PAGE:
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Meyer Optik Gorlitz ‘On Schedule’ to Start Re-Releasing Lenses This Summer


Meyer Optik Gorlitz is working its way back from the dead. After the company’s very public failure—including the embarrassing admission that the $3,000 “Nocturnus” was just a modified $850 Chinese lens—the brand and its new owner, OPC Optics, is preparing to re-release “optimized” and “redesigned” versions of several lenses this year.

In an announcement published on the brand’s website earlier this week, OPC Optics revealed that the “renewal of the Meyer Optik Görlitz portfolio [is] on schedule.” This renewal will include several optimized and redesigned lenses, as well as a brand new creation.

The Trioplan 100 will be the first lens to be re-released by the re-born Meyer Optik Görlitz

First up will be a “revised” version of the Trioplan 100, dubbed the Trioplan 100 f/2.8 II. The lens is currently in the prototype phase and will be the first Meyer Optik lens to be re-released later this summer.

After this, Meyer Optik intends to release redesigns of five lenses, including: the Trioplan 50, Lydith 30, Primoplan 75, Primoplan 58, and Trioplan 35+ (in that order). These lenses will feature a “complete redesign of the mechanics and outer geometry” in order to ensure the best possible “haptic” and imaging performance, with the Trioplan 50 already almost ready to start real-world testing.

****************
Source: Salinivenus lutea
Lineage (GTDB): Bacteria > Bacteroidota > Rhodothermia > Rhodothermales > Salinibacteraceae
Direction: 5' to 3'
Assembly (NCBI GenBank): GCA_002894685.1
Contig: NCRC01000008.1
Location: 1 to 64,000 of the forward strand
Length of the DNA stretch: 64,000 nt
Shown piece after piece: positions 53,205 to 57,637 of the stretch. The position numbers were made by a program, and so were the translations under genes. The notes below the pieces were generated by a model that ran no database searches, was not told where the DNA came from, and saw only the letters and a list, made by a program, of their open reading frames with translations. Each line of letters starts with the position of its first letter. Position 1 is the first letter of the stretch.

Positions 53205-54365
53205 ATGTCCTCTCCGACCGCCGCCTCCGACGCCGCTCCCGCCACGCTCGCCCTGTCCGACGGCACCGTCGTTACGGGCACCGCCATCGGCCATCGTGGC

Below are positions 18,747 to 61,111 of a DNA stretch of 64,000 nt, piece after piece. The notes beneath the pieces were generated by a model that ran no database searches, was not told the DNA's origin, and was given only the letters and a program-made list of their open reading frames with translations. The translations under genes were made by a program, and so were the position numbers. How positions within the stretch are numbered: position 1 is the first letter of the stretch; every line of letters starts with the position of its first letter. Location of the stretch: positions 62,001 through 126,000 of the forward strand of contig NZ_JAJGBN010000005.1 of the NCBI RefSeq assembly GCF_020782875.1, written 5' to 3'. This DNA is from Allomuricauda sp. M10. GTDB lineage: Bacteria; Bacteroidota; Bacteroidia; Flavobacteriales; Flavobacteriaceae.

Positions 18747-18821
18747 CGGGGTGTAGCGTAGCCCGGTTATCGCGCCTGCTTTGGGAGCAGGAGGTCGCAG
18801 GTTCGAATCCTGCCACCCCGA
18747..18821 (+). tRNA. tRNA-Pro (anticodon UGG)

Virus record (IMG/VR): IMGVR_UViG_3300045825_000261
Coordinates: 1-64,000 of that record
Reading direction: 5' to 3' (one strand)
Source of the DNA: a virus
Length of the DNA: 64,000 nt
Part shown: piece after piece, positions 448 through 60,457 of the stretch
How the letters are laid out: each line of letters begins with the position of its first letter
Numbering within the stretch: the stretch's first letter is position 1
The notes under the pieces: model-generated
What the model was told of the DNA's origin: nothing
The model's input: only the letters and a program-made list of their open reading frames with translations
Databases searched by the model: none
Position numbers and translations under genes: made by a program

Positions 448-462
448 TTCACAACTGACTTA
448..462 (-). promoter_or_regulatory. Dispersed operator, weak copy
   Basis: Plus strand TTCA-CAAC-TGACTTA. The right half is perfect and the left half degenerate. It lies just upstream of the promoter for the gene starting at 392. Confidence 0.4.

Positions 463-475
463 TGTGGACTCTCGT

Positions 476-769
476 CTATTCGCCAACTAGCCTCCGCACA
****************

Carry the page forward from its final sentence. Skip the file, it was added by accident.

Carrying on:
Finally, Meyer Optik also intends to release a brand new lens. The Primagon 50mm f/2.0—the first Meyer Optik Görlitz lens created entirely under the OPC Optics umbrella—is still being kept mostly under-wraps, but we know that it will feature 8 elements in 6 groups and will “probably be launched this year.”

The Trioplan 50 is one of the lenses receiving a “complete redesign” by OPC Optics, promising better image quality and “haptics” when it’s re-released.

No pricing or official [re]release date have been announced for any of these lenses, but Meyer Optik and OPC Optics promise that they are “working hard to optimize production and internal processes so that the new lenses can be offered at realistic and attractive prices without compromising quality and precision.”

No doubt, Meyer Optik Görlitz/OPC Optics has a long way to go to regain the industry’s trust. Thousands of backers were left high-and-dry when the company went under, and it’ll take more than press release promises of “optimized” and “redesigned” lenses to prove that future Meyer Optik Görlitz lenses will be worth the investment. But fans of the venerable brand are sure watching these progress reports closely and hoping for the best.

(via Canon Watch)